that would be, one is just perceptually it’s kind of different. And then two, is you say that you have the CPI

hedges to service and economic hedge against the potential adverse financial impact on the company of

decreasing price level, so with low inflation that’s not quite the same, so just wondering if you can explain your

thinking behind this new structure?

 

Prem Watsa

Yes. No, that’s on the 0.5% fall, we did that because it was extremely inexpensive. And that’s why we did it. And

you might have noticed it’s kind of quite significantly it’s more than doubled on our cost, whereas everything else

is still below our cost. What - Paul, you have to understand is that we haven’t gone in North America. We have

an experience deflation since the 1930s. The last time we all of us here on this call and others have experienced

deflation is by watching what happened in Japan, but none of us have experienced 30s. And when you have –

and deflation is in the air right now in the United States, you have had January and February basically CPI

numbers have been flat to a little negative. And the economy in the first quarter it’s came out at 0.2%. Now,

people say there was a severe winter. There was a strike – a port strike and other things like that.

 

And I am suggesting to you that after QE1, QE2, QE3 of the second and third quarter come out like that, I don’t

know I am just suggesting that if that does come out, then this idea of deflation might get in people’s minds and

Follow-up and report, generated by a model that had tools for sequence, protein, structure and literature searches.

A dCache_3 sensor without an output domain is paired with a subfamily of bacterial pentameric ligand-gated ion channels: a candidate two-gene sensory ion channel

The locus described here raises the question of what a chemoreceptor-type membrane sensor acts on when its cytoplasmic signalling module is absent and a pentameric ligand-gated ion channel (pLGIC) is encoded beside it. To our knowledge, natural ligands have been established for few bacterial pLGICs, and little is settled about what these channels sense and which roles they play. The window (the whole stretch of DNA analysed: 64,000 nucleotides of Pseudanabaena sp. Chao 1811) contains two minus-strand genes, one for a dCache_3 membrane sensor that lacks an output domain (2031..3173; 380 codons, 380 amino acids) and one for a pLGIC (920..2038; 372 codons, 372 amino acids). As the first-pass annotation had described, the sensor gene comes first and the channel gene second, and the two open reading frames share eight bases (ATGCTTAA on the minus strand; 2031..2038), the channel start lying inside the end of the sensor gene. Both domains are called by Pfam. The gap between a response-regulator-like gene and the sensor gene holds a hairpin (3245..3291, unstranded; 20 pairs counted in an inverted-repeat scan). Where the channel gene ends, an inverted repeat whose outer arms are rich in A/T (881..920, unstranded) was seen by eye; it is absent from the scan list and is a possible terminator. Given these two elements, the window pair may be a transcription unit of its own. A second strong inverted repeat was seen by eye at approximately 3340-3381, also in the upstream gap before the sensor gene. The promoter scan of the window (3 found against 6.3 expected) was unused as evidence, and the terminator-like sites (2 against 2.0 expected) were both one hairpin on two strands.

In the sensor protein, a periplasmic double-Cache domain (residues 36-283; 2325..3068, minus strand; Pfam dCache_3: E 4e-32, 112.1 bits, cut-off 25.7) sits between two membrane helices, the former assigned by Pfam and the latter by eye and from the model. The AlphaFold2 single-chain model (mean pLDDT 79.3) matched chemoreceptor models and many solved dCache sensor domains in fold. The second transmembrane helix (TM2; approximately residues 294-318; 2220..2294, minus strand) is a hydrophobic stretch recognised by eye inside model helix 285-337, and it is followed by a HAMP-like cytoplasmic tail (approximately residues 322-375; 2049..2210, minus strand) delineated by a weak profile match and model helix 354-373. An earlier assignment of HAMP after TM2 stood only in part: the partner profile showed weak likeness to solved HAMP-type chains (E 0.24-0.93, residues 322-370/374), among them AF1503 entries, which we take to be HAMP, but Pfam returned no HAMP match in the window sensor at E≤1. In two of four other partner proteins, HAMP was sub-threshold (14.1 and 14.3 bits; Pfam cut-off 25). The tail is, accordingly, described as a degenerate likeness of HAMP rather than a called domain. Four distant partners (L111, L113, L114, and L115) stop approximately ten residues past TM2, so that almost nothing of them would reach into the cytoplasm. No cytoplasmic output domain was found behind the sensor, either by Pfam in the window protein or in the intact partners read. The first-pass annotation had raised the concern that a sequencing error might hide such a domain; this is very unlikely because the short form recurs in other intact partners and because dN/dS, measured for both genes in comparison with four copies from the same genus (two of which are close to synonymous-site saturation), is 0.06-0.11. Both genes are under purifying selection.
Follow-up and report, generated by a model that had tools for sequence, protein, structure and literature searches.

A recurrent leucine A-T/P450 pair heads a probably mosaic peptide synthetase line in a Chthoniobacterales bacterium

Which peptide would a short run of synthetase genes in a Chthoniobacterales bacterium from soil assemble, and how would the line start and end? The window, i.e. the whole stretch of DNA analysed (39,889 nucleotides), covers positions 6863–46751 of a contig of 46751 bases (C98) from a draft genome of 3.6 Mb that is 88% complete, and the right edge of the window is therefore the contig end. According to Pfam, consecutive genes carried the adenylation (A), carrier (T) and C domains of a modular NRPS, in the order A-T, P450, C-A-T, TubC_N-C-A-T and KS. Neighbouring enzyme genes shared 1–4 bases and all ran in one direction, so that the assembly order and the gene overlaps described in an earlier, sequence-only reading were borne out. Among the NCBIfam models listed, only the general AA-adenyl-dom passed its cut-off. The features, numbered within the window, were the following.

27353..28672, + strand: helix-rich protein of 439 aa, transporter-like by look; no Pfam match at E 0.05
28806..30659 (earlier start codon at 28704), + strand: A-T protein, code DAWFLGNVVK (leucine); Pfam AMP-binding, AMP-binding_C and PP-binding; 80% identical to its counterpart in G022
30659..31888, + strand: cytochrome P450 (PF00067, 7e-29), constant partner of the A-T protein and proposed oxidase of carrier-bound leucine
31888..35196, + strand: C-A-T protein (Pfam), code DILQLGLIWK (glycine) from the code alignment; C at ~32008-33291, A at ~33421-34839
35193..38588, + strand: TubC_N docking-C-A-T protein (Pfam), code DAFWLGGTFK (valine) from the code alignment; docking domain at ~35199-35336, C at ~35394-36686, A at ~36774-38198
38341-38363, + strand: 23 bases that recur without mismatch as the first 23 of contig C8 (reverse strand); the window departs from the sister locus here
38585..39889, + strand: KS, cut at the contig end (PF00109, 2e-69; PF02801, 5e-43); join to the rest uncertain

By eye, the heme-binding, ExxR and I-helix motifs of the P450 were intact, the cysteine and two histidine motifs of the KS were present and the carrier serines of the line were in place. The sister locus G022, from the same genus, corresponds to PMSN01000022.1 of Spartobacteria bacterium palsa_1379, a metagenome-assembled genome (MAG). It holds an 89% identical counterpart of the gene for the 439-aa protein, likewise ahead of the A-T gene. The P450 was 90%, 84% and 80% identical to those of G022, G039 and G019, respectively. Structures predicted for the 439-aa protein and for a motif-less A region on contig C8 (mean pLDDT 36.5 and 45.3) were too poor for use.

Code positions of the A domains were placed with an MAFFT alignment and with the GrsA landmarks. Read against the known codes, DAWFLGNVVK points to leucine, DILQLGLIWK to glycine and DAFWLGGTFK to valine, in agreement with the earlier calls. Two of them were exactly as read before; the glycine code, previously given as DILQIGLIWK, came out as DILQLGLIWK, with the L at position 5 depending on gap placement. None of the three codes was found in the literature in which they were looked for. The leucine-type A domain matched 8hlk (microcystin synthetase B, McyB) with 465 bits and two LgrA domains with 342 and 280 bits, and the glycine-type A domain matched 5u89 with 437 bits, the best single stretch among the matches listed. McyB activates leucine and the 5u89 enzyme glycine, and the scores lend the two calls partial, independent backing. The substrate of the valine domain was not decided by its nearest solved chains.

it’s a very difficult environment to face. It’s one that we have studied and it’s one that we want to protect our

company from. If we can get the advantages of deflation, protection by building in 0.5% inflation, because no one

else believes deflation, that’s the reason we were able to buy those contracts. And of course, we are going to do

that. We would buy at 2% inflation each year if we could buy it cheap. And that’s basically what we have done.

We have shown for some time that over 29 years that as I said in my prepared remarks that realized gains have

been very significant over $11 billion, that’s when we were very small company and now we are significant. And

the problem with realized gains is its not forecastable, you can’t forecast it, none of the other analysts can

forecast it, but that does not make it not real. It is significant our book values have compounded because of that.

And we think over the next few years, I have listed some of the realized gains that we have made recently, the

Ridley and others. I think we will – our company will experience very significant realized gains and we expect to

benefit from that for all our shareholders.

--Q1 2015 Conference Call

 

 

Gio

Link to comment
Share on other sites

Prem Watsa

.... So, the industry is still difficult, but Crum has moved as you know basically to 100% specialty as we have said in the – in our Annual Meeting. And it’s really from that focus that you are going to see, we think, Crum develop underwriting profits on a sustainable basis, because it’s gone from about 20% specialty, maybe 7, 8, 9 years ago to about 100% specialty. And we think that’s a dramatic change. And we think the possibilities for Crum now in the future are very significant. You heard Marc Adee make that comment at our AGM and we think you will see that in the future.

--Q1 2015 Conference Call

 

 

Gio

Link to comment
Share on other sites

Create an account or sign in to comment

You need to be a member in order to leave a comment

Create an account

Sign up for a new account in our community. It's easy!

Register a new account

Sign in

Already have an account? Sign in here.

Sign In Now
 Share

×
×
  • Create New...